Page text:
A lot of my time has been spent in course work, doing samples and in developing patterns for Helen's wedding. As a result, as I have so little, I'm combining all the sections in one post.
It's interesting that my successful items are mainly for other people. I enjoy sewing for others (by that I mean family). It's easier to fit someone else rather than yourself - and especially when that person doesn't have the same figure anomalies creating fitting difficulties.
1.Skirt for my youngest daughter Helen. Style 1981.
She tells me she wears it often, it appears to fit well and I was pleased to be able to salvage my mother's fabric.
2 Kimono for Helen. New Look 6217
|Rear view to show it twirl|
She wears this to death or at least did during the summer. Loves it. It was easy to make, too.
3 McCall's 6844 for me
I've worn this regularly. I like the colour as it's useful. Next time, though, and there will be a next time, I'll make the straight version rather than the peplum version. Maybe in navy.
4 Jeans for husband.
|Jeans in his favourite green|
I learned a lot of techniques in my jeans making class and in making these and feel more confident about making more jeans. I have more of the same fabric to make another pair, perfecting the fit issues. I wouldn't use my drafted pattern, though - I've since bought the Kwik Sew men's jeans pattern and will use that. Is have to go back to toile stage again, of course.
5 Does this count as number 5? By far my most successful garments this year, that get worn ALL the time are RTW garments that I have altered to fit. I didn't really enjoy altering things as often it seems it would be easier to start from scratch! However, I have a great sense of achievement and satisfaction to produce a wearable garment from something that wasn't. My altering skills have increased a lot. There are lots of future candidates.
Some of these items were new, never worn that needed fit alterations. Others were items that had developed faults - the commonest was that a seam hasn't been overlocked properly and a hole had appeared. One top, though, had developed an actual hole in the fabric. My repair and disguise isn't great and I don't think I'll be wearing that out of the house.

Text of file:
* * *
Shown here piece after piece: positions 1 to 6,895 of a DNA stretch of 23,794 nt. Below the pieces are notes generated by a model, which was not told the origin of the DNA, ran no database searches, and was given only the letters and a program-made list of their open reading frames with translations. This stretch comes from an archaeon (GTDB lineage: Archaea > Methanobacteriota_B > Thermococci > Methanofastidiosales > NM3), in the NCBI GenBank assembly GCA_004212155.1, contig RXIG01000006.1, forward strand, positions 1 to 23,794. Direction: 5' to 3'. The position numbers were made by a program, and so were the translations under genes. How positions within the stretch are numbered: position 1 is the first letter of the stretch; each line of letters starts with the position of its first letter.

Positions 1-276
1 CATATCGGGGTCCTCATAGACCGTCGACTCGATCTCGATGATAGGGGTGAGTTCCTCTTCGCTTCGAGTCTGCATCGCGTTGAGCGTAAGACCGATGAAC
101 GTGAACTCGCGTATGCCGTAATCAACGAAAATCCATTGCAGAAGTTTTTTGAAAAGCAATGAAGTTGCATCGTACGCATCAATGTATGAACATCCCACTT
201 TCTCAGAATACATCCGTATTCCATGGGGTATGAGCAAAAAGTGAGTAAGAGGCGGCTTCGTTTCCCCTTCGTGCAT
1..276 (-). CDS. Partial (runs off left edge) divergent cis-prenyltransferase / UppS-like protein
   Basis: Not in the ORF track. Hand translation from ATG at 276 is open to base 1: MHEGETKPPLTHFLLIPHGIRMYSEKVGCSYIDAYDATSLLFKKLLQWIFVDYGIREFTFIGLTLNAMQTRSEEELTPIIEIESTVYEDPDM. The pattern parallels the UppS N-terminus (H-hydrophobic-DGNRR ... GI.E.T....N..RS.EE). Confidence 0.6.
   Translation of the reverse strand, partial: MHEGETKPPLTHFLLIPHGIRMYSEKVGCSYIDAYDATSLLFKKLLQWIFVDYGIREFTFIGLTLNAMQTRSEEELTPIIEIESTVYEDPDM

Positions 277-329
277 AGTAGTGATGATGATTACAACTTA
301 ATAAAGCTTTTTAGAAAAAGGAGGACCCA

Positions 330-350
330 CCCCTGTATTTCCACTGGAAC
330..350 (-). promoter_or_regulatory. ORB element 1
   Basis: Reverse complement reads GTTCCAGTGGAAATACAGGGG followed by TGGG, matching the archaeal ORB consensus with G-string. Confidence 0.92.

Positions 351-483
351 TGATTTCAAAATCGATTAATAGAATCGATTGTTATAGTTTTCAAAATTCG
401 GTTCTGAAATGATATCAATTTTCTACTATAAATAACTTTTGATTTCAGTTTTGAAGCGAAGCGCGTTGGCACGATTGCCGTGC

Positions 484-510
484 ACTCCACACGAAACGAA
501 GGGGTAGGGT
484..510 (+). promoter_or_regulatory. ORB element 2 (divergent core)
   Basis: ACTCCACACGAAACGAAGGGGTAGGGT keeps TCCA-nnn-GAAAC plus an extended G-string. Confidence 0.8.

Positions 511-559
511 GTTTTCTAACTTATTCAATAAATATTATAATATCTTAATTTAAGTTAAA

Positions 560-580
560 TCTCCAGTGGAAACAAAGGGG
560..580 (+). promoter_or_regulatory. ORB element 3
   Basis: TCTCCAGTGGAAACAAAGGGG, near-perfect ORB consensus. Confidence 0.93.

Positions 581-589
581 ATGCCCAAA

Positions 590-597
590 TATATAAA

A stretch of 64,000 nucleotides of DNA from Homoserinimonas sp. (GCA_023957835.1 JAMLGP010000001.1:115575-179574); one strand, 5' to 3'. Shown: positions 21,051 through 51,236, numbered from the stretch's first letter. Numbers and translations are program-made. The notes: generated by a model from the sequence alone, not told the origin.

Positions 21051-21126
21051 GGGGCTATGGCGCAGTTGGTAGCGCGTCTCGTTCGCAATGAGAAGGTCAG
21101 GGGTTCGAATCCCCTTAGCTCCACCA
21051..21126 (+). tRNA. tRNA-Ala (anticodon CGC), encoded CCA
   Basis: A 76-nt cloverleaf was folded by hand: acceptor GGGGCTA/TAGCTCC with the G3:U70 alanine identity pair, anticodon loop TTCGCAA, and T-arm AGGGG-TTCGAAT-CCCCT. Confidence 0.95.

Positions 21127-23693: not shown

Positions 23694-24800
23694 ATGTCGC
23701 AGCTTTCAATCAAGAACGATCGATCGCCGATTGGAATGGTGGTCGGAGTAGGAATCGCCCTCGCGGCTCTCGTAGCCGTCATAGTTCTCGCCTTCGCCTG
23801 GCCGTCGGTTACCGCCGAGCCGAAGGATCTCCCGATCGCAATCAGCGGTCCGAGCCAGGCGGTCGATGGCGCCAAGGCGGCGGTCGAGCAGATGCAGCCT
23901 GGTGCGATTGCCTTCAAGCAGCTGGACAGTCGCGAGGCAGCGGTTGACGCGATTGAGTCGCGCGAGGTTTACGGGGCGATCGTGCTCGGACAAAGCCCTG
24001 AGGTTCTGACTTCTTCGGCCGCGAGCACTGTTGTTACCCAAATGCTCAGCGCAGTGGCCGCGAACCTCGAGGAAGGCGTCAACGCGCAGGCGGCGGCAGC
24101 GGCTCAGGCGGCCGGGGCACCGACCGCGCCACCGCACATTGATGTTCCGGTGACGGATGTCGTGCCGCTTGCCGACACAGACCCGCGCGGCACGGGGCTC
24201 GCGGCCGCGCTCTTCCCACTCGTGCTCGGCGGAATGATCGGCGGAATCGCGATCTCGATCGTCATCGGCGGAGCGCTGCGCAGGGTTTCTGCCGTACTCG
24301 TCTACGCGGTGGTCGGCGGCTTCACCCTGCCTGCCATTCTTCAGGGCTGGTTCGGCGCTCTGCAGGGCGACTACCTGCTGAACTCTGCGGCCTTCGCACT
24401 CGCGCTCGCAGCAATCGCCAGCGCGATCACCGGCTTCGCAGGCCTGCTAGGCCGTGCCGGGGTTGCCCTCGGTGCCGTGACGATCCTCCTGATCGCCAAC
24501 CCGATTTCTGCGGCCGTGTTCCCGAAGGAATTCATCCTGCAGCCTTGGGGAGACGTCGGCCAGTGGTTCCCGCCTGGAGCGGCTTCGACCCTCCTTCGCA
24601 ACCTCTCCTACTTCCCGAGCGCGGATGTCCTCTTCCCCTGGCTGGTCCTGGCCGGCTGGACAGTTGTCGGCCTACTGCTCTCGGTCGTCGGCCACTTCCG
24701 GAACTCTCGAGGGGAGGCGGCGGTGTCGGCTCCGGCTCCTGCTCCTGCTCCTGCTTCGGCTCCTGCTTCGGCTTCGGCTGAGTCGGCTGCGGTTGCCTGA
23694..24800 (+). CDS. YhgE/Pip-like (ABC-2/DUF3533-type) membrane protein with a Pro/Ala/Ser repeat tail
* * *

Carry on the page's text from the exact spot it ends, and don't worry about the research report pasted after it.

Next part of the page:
I feel that RTW is a misnomer as they're not, for me at least. Off the peg, okay.
There isn't a ‘proper’ number 5. I have some successful wedding related toiles, successful class samples and some successful craft items, and if course my very successful remodelling of my small dressmaking model, Missy, for Helen but I guess these don't count here.
1 Liberty print dress. Butterick 5951
|Inside of dress|
|Just - no!|
I didn't like anything about this dress. The style didn't work; I had problems with altering and sewing the darts to look good after trying to alter the fit and the colour was just not me. It has gone! I also gave away the rest of the beautiful fabric - lovely touch and feel that is, not the colour or pattern. I'm not a Liberty print type of gal - I don't like little bitty floral prints (on me) - I have, however, recently bought a couple of Liberty geometric prints. The fabric is beautiful to touch and in handle and I think the pattern is more me, while, true, being a pattern rather than plain.
2 Blue Capstan dress Simplicity 1418
|The dress was too small to put on my model|
I was pleased with this dress which I made to practice some techniques. I intended it for Helen and used her usual pattern size and alterations - but it was much too small. I say her usual size - this clearly varies between pattern companies, despite their sizes being quoted on the envelope. The ease obviously varies. Helen is a RTW 8/10 (UK). i started making items for her using a pattern size 12. One thing drowns her, one is just right and this is miles too small! Just as well I now have Missy and some decent measurements. My daughter is planning to donate this dress to a very petite friend.
I like the dress and style and considered it for the starting point of the bridesmaids’ dresses I'm making but am worried about the sizing so it's probably easier to draft from block. Both the bridesmaids need FBAs; I've made them both blocks (slopers) and need to make up and test the toiles (muslins) over Christmas.
3 Blouses - New Look 6407
|I don't like the fabric; it fits better now but still...|
|I came 2nd in PR competition with this one|